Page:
Nat Peeples (b. 1926)
Nat Atlanta Crackers team, was the only African American to play in the Southern Association, one of the nation's leading minor league baseball organizations.
Nathaniel Peeples was born on June 26, 1926, in Memphis, Tennessee. He studied mathematics at LeMoyne College (later LeMoyne-Owen College) in Memphis before dropping out in 1948 to play catcher for his hometown team, the Memphis Red Sox, in the Negro American League. Over the next few years, Peeples also played for several other teams, including the Kansas City Monarchs and the Indianapolis Clowns, as a catcher and outfielder.
In 1953 the Boston Braves (later the Atlanta Braves) picked up Peeples's contract, and he played for a Braves farm team until Earl Mann, the owner and general manager of the Atlanta Crackers, signed him to play for the Crackers in the team's 1954 season. Although the league's stance on integration was neutral (teams could hire black players if they chose), no black players had ever played in a Southern Association game. During the preseason Peeples hit .416, but he was on the Crackers' regular season roster for only two weeks. He played in the first two games of the season, against the Mobile Bears in Mobile, Alabama, before Mann optioned him to the Class A Jacksonville Braves. Mann said that he wanted to give Peeples more playing time than he would have with the competitive Crackers team.
The decision to demote Peeples after only two games was controversial. Some ballplayers and sportswriters at the time felt that Peeples was not ready for the Crackers because his skills were lacking. Others believed that Peeples was ready for the team but that Mann cut him because of pressure not to integrate the league. The debate played out in the local newspapers. Furman Bisher wrote in the Atlanta Constitution that "Peeples . . . got a full trial and lost his job." Marion Jackson wrote in Atlanta Daily World that Peeples was the subject of racial discrimination.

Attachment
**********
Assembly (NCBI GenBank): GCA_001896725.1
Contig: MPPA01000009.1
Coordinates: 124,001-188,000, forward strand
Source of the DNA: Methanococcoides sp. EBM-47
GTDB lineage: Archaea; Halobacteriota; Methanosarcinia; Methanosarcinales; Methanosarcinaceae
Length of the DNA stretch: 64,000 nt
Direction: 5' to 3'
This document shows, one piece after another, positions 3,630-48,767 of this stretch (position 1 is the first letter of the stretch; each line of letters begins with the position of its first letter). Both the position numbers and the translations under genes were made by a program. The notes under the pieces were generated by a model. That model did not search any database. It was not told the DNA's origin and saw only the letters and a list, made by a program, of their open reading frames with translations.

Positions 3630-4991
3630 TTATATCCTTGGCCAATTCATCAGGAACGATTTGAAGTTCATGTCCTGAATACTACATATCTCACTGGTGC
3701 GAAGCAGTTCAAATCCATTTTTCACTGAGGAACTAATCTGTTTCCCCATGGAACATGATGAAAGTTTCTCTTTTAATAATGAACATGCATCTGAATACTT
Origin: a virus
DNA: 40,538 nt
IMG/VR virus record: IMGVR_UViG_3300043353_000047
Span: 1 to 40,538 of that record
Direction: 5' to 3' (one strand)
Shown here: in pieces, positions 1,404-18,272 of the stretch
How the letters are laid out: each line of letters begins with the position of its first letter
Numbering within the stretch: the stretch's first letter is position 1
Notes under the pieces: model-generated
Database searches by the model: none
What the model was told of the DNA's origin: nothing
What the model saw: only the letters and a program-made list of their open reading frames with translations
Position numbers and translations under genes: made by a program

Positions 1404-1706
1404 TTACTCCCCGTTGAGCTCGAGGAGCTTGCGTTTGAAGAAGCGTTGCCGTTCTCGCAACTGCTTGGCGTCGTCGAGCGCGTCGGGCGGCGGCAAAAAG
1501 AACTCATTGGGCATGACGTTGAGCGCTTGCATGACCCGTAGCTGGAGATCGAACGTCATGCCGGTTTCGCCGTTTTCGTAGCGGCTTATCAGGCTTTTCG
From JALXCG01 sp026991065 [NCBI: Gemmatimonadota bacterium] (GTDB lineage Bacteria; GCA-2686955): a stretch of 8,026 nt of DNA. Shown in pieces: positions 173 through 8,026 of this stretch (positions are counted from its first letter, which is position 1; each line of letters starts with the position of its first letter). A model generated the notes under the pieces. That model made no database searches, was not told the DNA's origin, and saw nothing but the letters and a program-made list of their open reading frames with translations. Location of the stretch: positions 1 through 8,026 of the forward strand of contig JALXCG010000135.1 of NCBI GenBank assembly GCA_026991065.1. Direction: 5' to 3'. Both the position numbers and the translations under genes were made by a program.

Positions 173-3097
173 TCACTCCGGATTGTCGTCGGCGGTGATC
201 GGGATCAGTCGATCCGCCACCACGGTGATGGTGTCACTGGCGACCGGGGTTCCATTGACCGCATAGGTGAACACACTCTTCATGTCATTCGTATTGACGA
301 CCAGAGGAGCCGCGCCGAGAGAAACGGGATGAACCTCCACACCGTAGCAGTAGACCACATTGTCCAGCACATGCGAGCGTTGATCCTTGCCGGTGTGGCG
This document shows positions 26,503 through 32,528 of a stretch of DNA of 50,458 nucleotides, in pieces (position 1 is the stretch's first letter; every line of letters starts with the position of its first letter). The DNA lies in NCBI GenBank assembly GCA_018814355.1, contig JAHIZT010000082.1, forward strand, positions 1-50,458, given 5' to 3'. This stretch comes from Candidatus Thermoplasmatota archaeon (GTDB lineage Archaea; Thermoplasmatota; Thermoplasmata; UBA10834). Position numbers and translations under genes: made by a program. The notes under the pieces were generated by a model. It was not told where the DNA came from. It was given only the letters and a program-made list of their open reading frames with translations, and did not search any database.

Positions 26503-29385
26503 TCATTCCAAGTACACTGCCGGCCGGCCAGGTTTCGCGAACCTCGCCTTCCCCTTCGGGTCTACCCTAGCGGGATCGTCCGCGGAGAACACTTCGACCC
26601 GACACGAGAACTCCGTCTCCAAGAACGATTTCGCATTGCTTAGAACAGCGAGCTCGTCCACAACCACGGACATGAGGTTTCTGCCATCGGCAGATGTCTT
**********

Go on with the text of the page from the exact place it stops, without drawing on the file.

More recent scholarship leans toward the conclusion that Peeples was let go because of his ability and not because of discrimination. The strong-willed Mann was not easily intimidated or persuaded by others, and neither the league itself nor the fans seemed disturbed by the possibility of integration. By 1954 all the minor leagues, with the exception of the Southern Association, had integrated.
After leaving the Atlanta organization, Peeples bounced around the Braves farm system, rising as high as AAA. During the off-seasons he played winter ball in Latin America. His career ended in 1960 because of a severe knee injury.